KD5054

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I think the advice is spot on that everyone had mentioned- patience in letting the little guy adjust and offering some live food as well. They don't always accept pieces of food right off and might take time for him to feel more at home. Time as in a few days to a week.
 

DWhatley

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Sorry for taking so long, life is a bit complex ATM. IME, animals that are not sexually mature (generally under 5 months) are VERY shy and only start to interact at the period of their lives when they become predator vs prey.

However, even with very young animals, feeding time can be a few minutes of interaction. I would suggest putting a pea sized piece of table shrimp on a feeding stick (bamboo skewers work well) and spend as much as 1/2 hour holding it close to any known den. Since your new buddy is in your office, try this either first thing each AM if you go in early or just after lights out before you leave.
 

Spinelli1

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I think the advice is spot on that everyone had mentioned- patience in letting the little guy adjust and offering some live food as well. They don't always accept pieces of food right off and might take time for him to feel more at home. Time as in a few days to a week.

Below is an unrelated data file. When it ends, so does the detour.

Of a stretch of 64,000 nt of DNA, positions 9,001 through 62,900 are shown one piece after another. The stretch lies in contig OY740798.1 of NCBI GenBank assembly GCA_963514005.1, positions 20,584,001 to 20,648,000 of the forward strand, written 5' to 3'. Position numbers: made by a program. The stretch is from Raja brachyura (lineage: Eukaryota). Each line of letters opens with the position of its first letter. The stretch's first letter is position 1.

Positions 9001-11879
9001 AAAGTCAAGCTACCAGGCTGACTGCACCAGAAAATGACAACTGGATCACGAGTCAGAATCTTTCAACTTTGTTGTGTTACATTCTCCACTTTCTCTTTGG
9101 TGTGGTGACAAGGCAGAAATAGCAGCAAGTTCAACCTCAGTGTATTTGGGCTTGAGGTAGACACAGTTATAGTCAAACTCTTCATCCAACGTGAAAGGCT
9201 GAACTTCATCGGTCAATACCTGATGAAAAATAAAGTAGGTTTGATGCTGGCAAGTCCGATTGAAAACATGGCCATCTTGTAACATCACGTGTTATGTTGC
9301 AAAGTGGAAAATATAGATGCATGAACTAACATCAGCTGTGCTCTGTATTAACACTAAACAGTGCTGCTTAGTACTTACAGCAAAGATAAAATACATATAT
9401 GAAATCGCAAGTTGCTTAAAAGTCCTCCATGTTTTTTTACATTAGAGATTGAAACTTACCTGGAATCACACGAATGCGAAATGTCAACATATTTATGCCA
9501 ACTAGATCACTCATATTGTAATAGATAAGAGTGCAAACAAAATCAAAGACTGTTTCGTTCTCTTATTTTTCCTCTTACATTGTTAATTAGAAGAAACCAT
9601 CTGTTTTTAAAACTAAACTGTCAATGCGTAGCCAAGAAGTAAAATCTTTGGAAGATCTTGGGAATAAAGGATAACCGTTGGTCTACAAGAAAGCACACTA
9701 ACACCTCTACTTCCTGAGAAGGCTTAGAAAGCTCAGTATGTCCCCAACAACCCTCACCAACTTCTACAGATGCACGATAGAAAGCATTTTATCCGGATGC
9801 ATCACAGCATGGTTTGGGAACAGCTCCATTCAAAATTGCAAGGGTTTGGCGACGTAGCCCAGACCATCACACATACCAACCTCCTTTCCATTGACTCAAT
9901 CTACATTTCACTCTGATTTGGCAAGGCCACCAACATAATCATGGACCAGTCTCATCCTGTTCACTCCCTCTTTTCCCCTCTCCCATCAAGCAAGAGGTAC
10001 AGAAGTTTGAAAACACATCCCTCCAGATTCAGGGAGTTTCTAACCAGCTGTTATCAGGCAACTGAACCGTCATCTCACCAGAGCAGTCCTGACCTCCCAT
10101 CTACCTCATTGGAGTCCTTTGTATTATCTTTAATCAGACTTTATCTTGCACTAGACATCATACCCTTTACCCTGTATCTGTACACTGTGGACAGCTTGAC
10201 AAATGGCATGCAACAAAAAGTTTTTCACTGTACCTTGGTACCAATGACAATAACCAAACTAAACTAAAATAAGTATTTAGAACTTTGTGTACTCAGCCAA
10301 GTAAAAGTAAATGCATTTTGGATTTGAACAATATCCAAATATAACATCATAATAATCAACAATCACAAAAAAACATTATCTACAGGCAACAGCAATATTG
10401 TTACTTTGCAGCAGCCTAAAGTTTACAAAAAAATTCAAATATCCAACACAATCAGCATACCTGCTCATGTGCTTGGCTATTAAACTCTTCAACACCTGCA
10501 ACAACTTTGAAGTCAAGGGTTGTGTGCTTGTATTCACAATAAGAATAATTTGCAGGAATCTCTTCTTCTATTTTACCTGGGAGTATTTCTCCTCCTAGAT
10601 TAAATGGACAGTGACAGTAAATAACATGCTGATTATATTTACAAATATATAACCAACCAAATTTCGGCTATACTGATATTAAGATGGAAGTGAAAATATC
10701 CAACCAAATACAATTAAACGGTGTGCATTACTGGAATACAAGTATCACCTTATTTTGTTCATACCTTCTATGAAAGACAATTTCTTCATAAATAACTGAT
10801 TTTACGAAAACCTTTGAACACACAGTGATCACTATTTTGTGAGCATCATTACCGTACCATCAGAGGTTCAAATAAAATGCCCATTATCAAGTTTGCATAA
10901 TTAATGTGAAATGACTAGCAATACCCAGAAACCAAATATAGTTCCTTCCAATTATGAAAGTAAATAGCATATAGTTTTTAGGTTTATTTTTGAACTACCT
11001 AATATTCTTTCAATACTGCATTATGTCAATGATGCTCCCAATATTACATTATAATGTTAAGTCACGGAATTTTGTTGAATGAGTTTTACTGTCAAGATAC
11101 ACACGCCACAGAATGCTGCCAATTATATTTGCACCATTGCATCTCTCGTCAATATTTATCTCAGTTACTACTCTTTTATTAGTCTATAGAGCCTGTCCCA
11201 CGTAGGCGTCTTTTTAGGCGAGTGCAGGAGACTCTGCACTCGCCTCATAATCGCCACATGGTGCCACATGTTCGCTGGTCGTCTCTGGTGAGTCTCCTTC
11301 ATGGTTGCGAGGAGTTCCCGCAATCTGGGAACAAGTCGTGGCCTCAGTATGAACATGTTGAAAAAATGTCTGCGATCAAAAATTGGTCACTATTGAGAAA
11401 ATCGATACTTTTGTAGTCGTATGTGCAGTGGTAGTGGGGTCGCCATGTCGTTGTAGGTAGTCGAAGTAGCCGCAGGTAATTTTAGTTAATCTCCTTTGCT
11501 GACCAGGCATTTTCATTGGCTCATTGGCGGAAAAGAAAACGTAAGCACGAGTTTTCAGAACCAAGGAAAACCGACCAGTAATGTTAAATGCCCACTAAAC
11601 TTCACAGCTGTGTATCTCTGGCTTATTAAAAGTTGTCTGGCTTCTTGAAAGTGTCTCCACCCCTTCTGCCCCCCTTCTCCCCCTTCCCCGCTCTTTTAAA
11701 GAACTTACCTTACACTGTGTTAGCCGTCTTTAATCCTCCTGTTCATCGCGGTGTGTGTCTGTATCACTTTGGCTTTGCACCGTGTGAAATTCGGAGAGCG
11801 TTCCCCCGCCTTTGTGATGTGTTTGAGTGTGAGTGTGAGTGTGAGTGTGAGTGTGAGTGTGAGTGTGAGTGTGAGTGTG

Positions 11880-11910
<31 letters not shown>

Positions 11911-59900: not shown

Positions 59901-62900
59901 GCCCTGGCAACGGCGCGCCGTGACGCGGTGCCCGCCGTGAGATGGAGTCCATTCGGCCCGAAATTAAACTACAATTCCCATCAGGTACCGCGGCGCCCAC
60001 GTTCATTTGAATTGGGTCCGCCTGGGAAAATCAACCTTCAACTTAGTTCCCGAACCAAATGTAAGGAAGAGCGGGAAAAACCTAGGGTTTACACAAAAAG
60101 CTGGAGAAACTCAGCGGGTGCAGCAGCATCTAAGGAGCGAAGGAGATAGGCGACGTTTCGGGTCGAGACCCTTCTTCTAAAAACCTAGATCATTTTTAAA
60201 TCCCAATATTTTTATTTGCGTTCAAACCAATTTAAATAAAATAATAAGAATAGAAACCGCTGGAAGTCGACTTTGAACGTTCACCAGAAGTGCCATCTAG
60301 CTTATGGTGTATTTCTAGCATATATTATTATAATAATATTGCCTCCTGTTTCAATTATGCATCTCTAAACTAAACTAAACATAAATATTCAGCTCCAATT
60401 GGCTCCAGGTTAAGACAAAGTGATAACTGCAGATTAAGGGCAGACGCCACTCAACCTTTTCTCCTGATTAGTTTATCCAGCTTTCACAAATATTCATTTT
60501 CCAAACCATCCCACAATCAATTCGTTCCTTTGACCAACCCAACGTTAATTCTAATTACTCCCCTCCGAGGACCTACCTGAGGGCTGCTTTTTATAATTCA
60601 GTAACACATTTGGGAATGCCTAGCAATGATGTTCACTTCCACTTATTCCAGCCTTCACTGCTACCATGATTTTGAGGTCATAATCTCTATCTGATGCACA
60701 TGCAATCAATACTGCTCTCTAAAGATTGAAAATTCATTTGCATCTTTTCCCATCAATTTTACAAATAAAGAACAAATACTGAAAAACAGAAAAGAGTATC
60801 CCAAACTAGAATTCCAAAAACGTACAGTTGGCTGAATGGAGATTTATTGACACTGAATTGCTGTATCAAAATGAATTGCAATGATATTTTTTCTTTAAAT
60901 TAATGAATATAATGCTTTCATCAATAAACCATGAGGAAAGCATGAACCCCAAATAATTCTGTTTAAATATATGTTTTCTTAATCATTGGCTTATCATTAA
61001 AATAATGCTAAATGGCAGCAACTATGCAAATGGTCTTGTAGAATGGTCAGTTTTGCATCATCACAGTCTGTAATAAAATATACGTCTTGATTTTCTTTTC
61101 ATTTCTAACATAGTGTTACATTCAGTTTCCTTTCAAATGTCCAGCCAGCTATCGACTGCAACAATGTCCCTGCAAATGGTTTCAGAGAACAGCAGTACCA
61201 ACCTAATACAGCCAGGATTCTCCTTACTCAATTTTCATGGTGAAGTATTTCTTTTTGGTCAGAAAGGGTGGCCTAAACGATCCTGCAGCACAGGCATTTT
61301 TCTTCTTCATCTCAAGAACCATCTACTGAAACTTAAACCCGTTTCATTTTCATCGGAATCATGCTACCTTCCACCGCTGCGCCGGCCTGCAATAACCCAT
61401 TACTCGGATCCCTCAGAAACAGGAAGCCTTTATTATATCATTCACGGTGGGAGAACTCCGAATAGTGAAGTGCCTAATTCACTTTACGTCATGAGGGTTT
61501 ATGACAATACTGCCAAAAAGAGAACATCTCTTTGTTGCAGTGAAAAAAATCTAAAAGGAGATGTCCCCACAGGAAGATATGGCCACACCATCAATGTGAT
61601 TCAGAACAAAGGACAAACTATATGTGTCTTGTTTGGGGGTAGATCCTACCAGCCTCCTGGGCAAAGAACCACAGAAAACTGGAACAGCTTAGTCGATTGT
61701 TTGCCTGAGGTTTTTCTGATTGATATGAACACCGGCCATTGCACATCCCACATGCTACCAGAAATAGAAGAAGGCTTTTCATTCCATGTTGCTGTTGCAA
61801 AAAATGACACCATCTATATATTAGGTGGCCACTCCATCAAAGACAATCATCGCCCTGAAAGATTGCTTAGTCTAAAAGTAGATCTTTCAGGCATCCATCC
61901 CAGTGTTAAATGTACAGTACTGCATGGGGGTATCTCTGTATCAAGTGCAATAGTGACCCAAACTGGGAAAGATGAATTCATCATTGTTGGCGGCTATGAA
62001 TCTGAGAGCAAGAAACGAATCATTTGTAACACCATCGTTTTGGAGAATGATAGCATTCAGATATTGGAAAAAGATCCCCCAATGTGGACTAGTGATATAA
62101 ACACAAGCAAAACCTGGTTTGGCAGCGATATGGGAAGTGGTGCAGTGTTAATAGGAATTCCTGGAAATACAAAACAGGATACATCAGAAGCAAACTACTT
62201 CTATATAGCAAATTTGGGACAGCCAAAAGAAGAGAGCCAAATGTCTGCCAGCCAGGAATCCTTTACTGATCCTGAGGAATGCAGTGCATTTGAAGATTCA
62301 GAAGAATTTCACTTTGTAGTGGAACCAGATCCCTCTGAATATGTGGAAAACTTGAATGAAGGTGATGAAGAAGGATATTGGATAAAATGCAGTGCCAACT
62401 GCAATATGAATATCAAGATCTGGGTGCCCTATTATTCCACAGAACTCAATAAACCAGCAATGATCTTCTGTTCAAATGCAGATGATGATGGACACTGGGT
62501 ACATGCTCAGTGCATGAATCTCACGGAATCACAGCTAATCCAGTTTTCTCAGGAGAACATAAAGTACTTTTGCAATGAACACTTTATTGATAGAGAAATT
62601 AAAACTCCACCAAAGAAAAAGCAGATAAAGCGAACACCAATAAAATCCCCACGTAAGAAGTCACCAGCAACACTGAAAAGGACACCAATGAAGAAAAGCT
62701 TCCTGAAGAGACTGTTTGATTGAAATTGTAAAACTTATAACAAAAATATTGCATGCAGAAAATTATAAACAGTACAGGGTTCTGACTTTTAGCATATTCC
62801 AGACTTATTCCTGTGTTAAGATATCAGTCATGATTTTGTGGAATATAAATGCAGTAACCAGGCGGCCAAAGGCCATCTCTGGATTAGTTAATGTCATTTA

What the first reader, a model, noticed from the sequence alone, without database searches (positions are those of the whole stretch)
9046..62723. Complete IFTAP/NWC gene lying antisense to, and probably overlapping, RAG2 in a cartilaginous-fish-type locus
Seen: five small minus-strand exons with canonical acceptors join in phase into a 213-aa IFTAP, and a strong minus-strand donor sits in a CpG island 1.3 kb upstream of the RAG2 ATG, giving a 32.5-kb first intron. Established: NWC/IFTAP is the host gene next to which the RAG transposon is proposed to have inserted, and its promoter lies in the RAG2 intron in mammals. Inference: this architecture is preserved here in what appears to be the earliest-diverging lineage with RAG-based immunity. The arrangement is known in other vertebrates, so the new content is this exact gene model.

Thanks! Going on 6 days now since he went into hiding. But I had seen him alive in a den only 2 days ago so I believe he is fine somewhere. I'm going to be patient for a while. Even set up a night vision webcam with motion detection so I can monitor 24/7 to see if he comes out.
 

Spinelli1

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Sorry for taking so long, life is a bit complex ATM. IME, animals that are not sexually mature (generally under 5 months) are VERY shy and only start to interact at the period of their lives when they become predator vs prey.

However, even with very young animals, feeding time can be a few minutes of interaction. I would suggest putting a pea sized piece of table shrimp on a feeding stick (bamboo skewers work well) and spend as much as 1/2 hour holding it close to any known den. Since your new buddy is in your office, try this either first thing each AM if you go in early or just after lights out before you leave.
Thank you! I will try this. I have spent a few minutes a few times with some scallop but not too long. It seems my scallop falls off after a minute or two! I got 36" bamboo skewers so I can reach down to the rocks.

What you mentioned about young octos makes sense. If he were the species thought to be, he would probably be pretty young. He also reacted like prey when he first went in and got startled and jet propelled into a hole.

I will give a nice attempt each morning to see if he will come out for a taste. Problem is I have a nice amount of rock in there piled up and he seems to not only go in the caves (where I saw him in that time) but also we saw him day 2 inside a tiny little hole in the rock. We just could see the suckers inside the rock. The hole into the rock was the size of a dime.